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Student nuclear disarmament speech canceled due to Chinese pressure: gov’t sources

A speech by a Japanese student peace ambassador at an international disarmament conference in Geneva in August was canceled due to pressure from the Chinese government, Japanese government sources said on Thursday.


The speech by a representative of high school student ambassadors calling for the abolition of nuclear weapons had been delivered at every annual Conference on Disarmament since 2014.


But at the 2017 gathering, China objected, citing rules that allow only government officials to speak, according to the sources.


With Beijing having voiced concerns in the past that Tokyo highlighted the 1945 U.S. atomic bombings of Hiroshima and Nagasaki to present itself as a victim of World War II, it is believed that China pressured for the speech to be quashed for the same reason.


At the past three editions of the conference, a student ambassador representative dispatched by a Japanese civic group gave a speech by registering as a member of the Japanese government delegation for one day.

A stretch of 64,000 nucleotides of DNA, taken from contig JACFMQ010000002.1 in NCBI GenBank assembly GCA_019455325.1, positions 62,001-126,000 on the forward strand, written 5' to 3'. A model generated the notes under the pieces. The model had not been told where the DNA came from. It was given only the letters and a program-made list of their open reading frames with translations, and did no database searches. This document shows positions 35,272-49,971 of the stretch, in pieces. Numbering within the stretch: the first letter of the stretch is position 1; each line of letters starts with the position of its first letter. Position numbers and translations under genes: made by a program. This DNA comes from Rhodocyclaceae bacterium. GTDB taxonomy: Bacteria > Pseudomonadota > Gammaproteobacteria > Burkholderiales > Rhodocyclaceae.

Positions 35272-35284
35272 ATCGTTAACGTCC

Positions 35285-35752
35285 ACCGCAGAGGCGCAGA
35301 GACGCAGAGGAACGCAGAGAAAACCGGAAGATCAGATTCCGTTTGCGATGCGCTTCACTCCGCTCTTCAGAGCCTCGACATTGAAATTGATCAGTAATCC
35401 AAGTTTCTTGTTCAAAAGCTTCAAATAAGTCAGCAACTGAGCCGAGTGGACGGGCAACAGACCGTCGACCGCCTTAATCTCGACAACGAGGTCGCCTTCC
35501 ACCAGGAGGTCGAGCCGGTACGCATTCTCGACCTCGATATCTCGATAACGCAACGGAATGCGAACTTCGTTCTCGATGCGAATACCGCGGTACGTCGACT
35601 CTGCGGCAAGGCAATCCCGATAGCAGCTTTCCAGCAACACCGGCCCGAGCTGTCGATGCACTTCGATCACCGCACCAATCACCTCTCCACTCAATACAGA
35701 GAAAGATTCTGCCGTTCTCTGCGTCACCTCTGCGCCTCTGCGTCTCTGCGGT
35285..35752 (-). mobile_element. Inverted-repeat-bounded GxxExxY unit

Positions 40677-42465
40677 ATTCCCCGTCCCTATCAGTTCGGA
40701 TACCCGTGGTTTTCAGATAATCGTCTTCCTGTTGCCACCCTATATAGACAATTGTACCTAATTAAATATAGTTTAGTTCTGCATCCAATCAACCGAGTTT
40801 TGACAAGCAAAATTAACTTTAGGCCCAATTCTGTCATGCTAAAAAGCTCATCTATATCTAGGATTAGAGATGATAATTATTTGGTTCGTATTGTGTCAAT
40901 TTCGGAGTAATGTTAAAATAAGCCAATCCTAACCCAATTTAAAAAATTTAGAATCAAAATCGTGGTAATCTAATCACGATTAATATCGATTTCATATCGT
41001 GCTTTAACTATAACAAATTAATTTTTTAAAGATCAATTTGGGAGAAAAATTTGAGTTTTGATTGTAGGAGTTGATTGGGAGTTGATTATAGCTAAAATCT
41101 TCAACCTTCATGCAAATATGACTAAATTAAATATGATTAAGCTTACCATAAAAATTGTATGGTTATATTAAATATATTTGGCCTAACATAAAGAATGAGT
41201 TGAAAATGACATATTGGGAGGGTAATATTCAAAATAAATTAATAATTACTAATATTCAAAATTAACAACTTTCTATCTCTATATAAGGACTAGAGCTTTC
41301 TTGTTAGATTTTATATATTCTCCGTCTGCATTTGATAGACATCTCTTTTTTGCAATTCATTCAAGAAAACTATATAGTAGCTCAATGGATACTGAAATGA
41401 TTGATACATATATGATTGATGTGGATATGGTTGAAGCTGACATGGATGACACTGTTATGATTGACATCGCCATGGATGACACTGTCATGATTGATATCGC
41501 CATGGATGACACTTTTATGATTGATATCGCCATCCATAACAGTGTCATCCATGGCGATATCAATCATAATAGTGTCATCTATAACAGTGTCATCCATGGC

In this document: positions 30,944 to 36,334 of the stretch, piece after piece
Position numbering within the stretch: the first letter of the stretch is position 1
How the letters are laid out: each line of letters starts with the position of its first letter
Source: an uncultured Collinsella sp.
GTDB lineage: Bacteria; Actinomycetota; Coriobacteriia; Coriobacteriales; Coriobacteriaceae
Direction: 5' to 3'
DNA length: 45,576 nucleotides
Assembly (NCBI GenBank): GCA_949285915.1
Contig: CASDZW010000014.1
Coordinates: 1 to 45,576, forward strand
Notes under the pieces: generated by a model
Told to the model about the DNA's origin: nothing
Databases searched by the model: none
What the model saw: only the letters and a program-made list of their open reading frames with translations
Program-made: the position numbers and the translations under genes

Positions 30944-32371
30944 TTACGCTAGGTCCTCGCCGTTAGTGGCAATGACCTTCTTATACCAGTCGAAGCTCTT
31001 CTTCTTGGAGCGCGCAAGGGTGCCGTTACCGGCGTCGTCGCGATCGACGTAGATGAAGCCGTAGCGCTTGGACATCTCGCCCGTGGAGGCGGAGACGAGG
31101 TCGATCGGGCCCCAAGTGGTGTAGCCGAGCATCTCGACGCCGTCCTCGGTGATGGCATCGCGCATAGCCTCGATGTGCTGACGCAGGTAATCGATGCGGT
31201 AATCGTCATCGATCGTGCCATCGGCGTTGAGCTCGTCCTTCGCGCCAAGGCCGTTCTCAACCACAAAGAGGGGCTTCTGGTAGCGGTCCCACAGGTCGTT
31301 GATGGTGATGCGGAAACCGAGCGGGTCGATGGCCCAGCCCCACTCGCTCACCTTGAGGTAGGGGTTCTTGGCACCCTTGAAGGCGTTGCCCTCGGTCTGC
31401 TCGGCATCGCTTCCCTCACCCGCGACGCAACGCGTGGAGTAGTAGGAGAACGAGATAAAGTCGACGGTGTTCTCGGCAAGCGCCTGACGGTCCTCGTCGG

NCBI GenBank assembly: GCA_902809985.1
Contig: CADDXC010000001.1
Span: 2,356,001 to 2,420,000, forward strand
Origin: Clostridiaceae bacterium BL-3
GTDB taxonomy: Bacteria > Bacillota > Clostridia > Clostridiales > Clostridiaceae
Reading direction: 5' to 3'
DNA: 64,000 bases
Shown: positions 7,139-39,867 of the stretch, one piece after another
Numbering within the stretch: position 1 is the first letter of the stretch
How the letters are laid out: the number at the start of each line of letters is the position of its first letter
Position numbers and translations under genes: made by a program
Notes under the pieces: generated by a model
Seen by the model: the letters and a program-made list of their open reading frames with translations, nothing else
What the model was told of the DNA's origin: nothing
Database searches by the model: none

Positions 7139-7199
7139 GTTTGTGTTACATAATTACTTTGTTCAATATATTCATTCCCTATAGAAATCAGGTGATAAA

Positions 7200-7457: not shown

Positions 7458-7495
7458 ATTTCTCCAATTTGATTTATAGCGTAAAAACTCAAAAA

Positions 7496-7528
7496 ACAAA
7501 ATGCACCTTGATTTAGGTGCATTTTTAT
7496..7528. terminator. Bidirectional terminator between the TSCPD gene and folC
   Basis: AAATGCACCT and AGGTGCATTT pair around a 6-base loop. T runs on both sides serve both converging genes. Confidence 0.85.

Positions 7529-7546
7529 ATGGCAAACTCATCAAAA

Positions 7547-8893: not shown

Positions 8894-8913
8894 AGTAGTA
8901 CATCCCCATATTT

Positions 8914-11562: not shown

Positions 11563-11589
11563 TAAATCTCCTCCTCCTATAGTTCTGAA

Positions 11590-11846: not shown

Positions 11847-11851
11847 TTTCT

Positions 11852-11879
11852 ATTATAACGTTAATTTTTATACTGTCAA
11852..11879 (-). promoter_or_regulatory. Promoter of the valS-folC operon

Between February and May this year, China, a nuclear power and a member of the conference, urged Japan to cancel the planned speech. Its disarmament ambassador said the delegation could request that the high school student is removed and that Beijing will pursue the issue if Tokyo continues with the practice, according to the sources.


Japan reportedly argued that given the advancing age of survivors, involving younger generations will give added momentum in the international community toward a “world free of nuclear weapons” by spreading understanding about the suffering experienced after the attacks.


According to conference rules, it is necessary to obtain a consensus from members to add the high school students to a delegation. Japan abandoned having the student speak because gaining approval was judged to be too difficult.


Instead, a group of 22 high school peace ambassadors was invited to a reception hosted by Japan’s disarmament ambassador Nobushige Takamizawa in August.


Nobuto Hirano, a 70-year-old co-representative of the civic group that sponsors the student ambassadors, said the Foreign Ministry did not provide a detailed explanation as to why the speech was canceled.


“If pressure from another country was the cause, at least we wanted to receive a full explanation,” Hirano said.


Given Japan did not join a U.N. treaty prohibiting nuclear weapons adopted in July, Hirano had assumed the government canceled the speech because it did not want attention on the issue, he said.


The student peace ambassador program began in 1998 after two high school students in Nagasaki in southwestern Japan visited the United Nations headquarters in New York to bring signatures calling for the abolition of nuclear weapons.


Up to August this year, some 200 students from high schools in Hiroshima, Nagasaki and 15 other prefectures have been selected to serve as peace ambassadors for one year. In recent years, they submitted collected signatures to the United Nations every summer.



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